Mon, 05 May 2003

Child trafficking on the agenda for regional meeting

Evi Mariani, The Jakarta Post, Jakarta

In 1995 a young Balinese girl, Luh Wati, 10, was taken by a man called Pak Sadem to some foreign tourists who were visiting the resort island.

She had to do everything the foreigners asked her, for which she was paid. But Sadem took almost all of her money.

Afterward she learned that Sadem, a man she had trusted, supplied children from villages to pedophiles, mostly foreigners.

She later lived with a Japanese man in his country, but soon returned home because she could not stand the way he treated her.

"The villagers told me that I looked skinny and pathetic. I was dumped by the Japanese," she said.

Starting from when she was 14 she supplied children to pedophiles for two years, before she met an Australian man and moved in with him.

Wati is only one of thousands of Indonesian children who have been trafficked outside of their hometowns to be exploited as sex workers.

According to data from the Office of the State Minister for Women's Empowerment, in 2001 some 30 percent of 148,500 sex workers in Indonesia were children under the age of 18.

Many activists say this figure may be just the tip of the iceberg, as it does not include children likes Wati, who are exploited away from the eyes of everybody.

Child trafficking has become a global concern. A United Nations report estimates that in the past decade 30 million girls have been trafficked annually, with the profits from child trafficking reaching some US$7 million each year.

The Jakarta office of the United Nations Children's Fund (Unicef) reported that in 2000 there were some 40,000 to 70,000 children under the age of 18 in the country who were victims of sexual exploitation or forced labor, including beggars, drug dealers and workers on deep-sea fishing structures.

A number of these children were trafficked abroad to places such as Malaysia, Singapore, Australia and Taiwan to work as prostitutes.

Indonesia endorsed a child protection law last year, allowing those trading and trafficking children to be charged under the Criminal Code.

However, Article 297 of the Criminal Code imposes a maximum sentence of only six years in jail for those found guilty of trafficking women and children, despite the seriousness of the crime.

Additionally, some critics of the law say that parents who sell or exploit their children are likely to escape punishment, because in the eyes of the law people under the age of 21 are still in the custody of their parents.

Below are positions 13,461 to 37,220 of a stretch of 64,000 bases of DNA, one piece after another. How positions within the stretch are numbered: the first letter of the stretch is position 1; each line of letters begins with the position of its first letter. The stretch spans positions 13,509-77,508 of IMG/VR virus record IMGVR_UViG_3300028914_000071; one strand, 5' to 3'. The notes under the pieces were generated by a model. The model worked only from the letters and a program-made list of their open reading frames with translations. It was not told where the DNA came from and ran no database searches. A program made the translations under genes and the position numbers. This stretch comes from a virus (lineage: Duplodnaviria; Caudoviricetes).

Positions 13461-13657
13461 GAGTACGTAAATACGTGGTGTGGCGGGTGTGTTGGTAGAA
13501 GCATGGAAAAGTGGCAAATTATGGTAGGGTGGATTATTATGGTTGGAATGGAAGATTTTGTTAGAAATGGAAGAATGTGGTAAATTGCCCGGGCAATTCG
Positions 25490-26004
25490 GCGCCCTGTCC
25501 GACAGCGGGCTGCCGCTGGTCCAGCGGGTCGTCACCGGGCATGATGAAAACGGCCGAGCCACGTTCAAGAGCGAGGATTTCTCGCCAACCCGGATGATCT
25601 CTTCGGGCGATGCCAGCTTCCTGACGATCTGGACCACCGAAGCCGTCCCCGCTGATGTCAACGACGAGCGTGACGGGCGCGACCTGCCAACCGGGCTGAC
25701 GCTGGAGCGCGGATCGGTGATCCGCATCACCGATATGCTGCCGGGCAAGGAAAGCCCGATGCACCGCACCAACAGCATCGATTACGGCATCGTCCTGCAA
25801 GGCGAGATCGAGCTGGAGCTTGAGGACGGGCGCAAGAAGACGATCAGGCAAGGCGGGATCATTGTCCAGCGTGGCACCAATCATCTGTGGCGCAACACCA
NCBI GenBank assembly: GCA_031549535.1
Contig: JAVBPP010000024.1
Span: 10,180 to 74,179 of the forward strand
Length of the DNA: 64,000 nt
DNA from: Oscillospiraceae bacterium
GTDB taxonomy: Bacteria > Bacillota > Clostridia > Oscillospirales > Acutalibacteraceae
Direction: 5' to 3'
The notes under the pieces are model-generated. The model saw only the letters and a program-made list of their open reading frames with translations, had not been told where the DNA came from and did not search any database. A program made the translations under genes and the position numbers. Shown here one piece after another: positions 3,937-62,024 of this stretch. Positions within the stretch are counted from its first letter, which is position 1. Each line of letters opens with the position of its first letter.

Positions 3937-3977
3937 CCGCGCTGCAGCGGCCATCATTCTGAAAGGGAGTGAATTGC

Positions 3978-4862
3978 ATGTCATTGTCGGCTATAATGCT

The authorities once freed several children who had been forced by a pimp to work as prostitutes. But when the parents of one child resold her to the pimp, the government was helpless to punish them because she was in their custody.

Commercial sexual exploitation of children (CSEC) and trafficking is one of the more urgent issues to be addressed during the Sixth East Asia and the Pacific Ministerial Consultation meeting to be held from May 5 to May 7 in Nusa Dua, Bali.

Representatives from at least 23 countries in the region are expected to attend the meeting. In a press release, Unicef said the meeting was important because it would lay down plans for children in the region for the coming decade.

President Megawati Soekarnoputri is scheduled to open the meeting.

Indonesia's delegation will be led by Minister of Health Achmad Sujudi, and will include State Minister for Women's Empowerment Sri Rejeki Sumaryoto and representatives from the ministries of health, religious affairs, social affairs, national education, manpower and transmigration, and justice and human rights, as well as legislators and children delegates.

The outcome of the meeting will form the basis for Unicef's efforts throughout the region, including Indonesia.

Arist Merdeka Sirait, the secretary-general of the National Commission for Child Protection, suggested that the government push other countries to ratify Convention No. 182 on the worst forms of child labor to show their commitment to eradicating child trafficking.

"Indonesia has ratified it, but because trafficking is a borderless activity regional understanding as well as multilateral and bilateral agreements are needed," he said.

He said he would skip the Bali meeting to show his disappointment with the government's decision not to include children's groups in the process of drafting the country report to be presented at the conference.

"They did not involve us, the organizations that deal with children," he said. "I doubt that the report will give a true description of the lives of Indonesian children."

Besides CSEC and trafficking, the meeting also will discuss malnutrition, maternal and neonatal mortality rates, and HIV/AIDS among children.

Minister of Health Sujudi underlined the importance of the topics for Indonesia.

"All four topics are urgent, especially the issue of trafficking since Indonesia has been reported not only as a trafficking destination but also as a country supplying children," he said.